Looking at St. Cirq Lapopie in the Lot valley, France

In time we reach the footpath which will climb up to the village of St. Cirq Lapopie. The climb is short and steep, but we take a break half-way up to scramble out onto some rocks and admire the view. When we arrive into the village square we are surprised to see many people. It is a popular spot. I take a break on the hotel cafe terrace and enjoy a long cold beer. The others wander around for a bit.

Lot, Inn-to-Inn Guided Canoe Trips

In the village of St. Cirq Lapopie, Lot, France

Lot, Inn-to-Inn Guided Canoe Trips

The Abbey in the village of St. Cirq Lapopie, Lot, France

We then decide to walk down through the narrow alleys of the village until we reach the arched gate at the village entrance. Steve is here to meet us and we soon pile into the minibus for the short 15 minute ride home. Our drive takes us down into the Lot valley, across a bridge, and up to the causse on the other side. We stop to admire the view over the Lot valley and look at where we will be canoeing tomorrow.

Lot, Inn-to-Inn Guided Canoe Trips

St. Martin below us in the Lot valley, France

At the Métairie Basse farmhouse we relax and loll about as usual. Some of us take a dip in the pool some of us take a nap in the hammock, and try to be nonchalant when we fall out of it. Oops. I hope no-one saw that!

Before very long it is dinner-time again and Richard & Helen do us proud once more. We have a delightfully convivial evening before retiring, once again, for an early night.

A Trip to the Ardeche in May 2015 (Part 3)

40,000 Year old Cave Paintings at the Spectacular Chauvet Cave

The Chauvet Cave in the Ardeche, Frnace

The Chauvet Cave in the Ardeche, France

On the third morning we drove up to Vallon Pont D’Arc and beyond to find the new Chauvet Cave exhibition centre built in the hills just outside of town. Here they have built a replica of the cave found in 1994 which contains the oldest cave paintings ever discovered. To proteect the original paintings from the ravages of the atmosphere this exact replica has been built. We spend the whole morning inside this cave being shown the paintings by a knowledgeable guide. We are astonished at the artistry and skill of our Cro-Magnon forebears.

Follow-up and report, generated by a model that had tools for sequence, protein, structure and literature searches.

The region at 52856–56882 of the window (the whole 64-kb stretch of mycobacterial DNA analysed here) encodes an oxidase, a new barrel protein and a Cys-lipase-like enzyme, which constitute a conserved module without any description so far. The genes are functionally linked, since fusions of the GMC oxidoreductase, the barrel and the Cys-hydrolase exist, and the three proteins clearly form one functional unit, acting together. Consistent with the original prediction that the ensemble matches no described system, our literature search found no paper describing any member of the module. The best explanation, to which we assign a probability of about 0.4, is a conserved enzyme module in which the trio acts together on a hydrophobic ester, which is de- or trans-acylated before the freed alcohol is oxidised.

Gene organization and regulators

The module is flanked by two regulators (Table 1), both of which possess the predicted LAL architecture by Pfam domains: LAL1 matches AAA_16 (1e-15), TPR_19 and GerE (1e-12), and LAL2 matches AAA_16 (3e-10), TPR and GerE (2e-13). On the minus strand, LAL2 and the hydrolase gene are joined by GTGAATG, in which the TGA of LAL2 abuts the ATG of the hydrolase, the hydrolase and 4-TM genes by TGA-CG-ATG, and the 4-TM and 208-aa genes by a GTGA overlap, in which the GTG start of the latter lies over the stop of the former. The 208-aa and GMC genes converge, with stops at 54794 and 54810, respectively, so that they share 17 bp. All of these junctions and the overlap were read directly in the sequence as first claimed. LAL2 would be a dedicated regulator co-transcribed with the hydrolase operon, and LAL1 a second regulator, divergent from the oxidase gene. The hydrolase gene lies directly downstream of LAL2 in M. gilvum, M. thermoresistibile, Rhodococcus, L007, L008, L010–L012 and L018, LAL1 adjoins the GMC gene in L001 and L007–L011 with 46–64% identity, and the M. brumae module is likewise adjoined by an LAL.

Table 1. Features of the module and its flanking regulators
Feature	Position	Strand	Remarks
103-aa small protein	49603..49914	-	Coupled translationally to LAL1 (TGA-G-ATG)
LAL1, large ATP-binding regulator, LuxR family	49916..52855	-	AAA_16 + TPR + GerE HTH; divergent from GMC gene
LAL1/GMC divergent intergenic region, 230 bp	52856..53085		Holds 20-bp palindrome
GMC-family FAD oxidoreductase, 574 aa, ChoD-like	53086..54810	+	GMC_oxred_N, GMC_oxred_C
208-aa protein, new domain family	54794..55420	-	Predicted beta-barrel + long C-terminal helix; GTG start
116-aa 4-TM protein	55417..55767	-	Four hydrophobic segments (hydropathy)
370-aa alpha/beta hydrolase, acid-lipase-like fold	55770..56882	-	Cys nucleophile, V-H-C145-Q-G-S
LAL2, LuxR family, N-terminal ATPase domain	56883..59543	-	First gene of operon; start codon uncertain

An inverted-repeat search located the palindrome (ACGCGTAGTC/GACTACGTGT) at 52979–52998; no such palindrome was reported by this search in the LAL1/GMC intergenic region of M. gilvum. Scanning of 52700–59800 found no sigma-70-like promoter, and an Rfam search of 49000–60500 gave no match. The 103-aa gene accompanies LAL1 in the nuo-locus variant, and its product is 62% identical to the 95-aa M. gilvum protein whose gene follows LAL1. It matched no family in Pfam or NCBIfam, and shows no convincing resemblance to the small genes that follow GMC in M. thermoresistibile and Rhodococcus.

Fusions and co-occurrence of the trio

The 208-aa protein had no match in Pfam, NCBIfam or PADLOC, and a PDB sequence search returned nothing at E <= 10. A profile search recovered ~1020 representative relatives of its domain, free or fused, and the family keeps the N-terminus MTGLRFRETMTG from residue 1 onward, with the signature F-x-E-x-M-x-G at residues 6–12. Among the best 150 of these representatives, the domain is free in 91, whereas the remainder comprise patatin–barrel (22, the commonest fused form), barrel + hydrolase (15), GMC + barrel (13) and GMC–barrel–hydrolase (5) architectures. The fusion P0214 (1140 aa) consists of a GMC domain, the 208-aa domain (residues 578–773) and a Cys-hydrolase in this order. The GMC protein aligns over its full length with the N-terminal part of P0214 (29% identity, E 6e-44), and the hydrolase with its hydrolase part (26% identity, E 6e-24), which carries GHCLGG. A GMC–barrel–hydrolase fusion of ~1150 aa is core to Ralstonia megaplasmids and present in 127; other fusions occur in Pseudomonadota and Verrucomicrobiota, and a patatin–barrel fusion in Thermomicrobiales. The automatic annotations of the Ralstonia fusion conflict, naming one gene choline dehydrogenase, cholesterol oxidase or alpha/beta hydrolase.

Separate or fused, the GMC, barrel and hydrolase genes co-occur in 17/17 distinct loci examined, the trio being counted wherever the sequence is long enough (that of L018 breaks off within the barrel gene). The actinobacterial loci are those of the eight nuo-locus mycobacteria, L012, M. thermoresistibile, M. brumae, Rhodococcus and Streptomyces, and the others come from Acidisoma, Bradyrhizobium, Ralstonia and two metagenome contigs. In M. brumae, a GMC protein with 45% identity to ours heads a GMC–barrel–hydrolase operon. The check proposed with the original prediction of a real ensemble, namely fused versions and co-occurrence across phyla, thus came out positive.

Inside the museum at the Chauvet cave, Ardeche, France

Inside the museum at the Chauvet cave, Ardeche, France

Inside the museum at the Chauvet cave, Ardeche, France

Inside the museum at the Chauvet cave, Ardeche, France

Inside the museum at the Chauvet cave, Ardeche, France

Inside the museum at the Chauvet cave, Ardeche, France

Inside the museum at the Chauvet cave, Ardeche, France

Inside the museum at the Chauvet cave, Ardeche, France

Of course we are not allowed to take photographs inside the cave and these shots are from the screens inside the museum at the same site. They do not convey at all how fabulous the actual paintings are.

Spending all morning at the Chauvet Cave was well worth the visit. I’d recommend it to anyone.

In the afternoon we visited the villages of Balazuc, where we had lunch in a very wind cafe.

At the village of Balazuc, Gard, France

At the village of Balazuc, Gard, France

At the village of Balazuc, Gard, France

At the village of Balazuc, Gard, France

Later we visited the pretty village of Labeaume as well.

At the village of Labeaume, Gard, France

At the village of Labeaume, Gard, France

At the village of Labeaume, Gard, France

At the village of Labeaume, Gard, France

At the village of Labeaume, Gard, France

At the village of Labeaume, Gard, France

 

 

Spring 2015 Newsletter

Our Newsletter for the Spring of 2015 is now available. Here is a summary of the news section.

Cave paintings at Chauvet, at Pont D'Arc on the Ardeche river, Ardeche, France

Cave paintings at Chauvet, at Pont D’Arc on the Ardeche river, Ardeche, France

Cave paintings at Chauvet, at Pont D'Arc on the Ardeche river, Ardeche, France

Cave paintings at Chauvet, at Pont D’Arc on the Ardeche river, Ardeche, France

Cave paintings at Font de Gaume, at Les Eyzies on the Vezere river, Perigord, France

Cave paintings at Font de Gaume, at Les Eyzies on the Vezere river, Perigord, France

Cave paintings at Font de Gaume, at Les Eyzies on the Vezere river, Perigord, France

Cave paintings at Font de Gaume, at Les Eyzies on the Vezere river, Perigord, France

Cave paintings at Lascaux, at Montignac on the Vezere river, Perigord, France

Cave paintings at Lascaux, at Montignac on the Vezere river, Perigord, France

Cave paintings at Pech Merle, at Cabrerets on the Cele river, Lot, France

Cave paintings at Pech Merle, at Cabrerets on the Cele river, Lot, France

Cave paintings at Pech Merle, at Cabrerets on the Cele river, Lot, France

Cave paintings at Pech Merle, at Cabrerets on the Cele river, Lot, France

Cave paintings at Lascaux, at Montignac on the Vezere river, Perigord, France

Cave paintings at Lascaux, at Montignac on the Vezere river, Perigord, France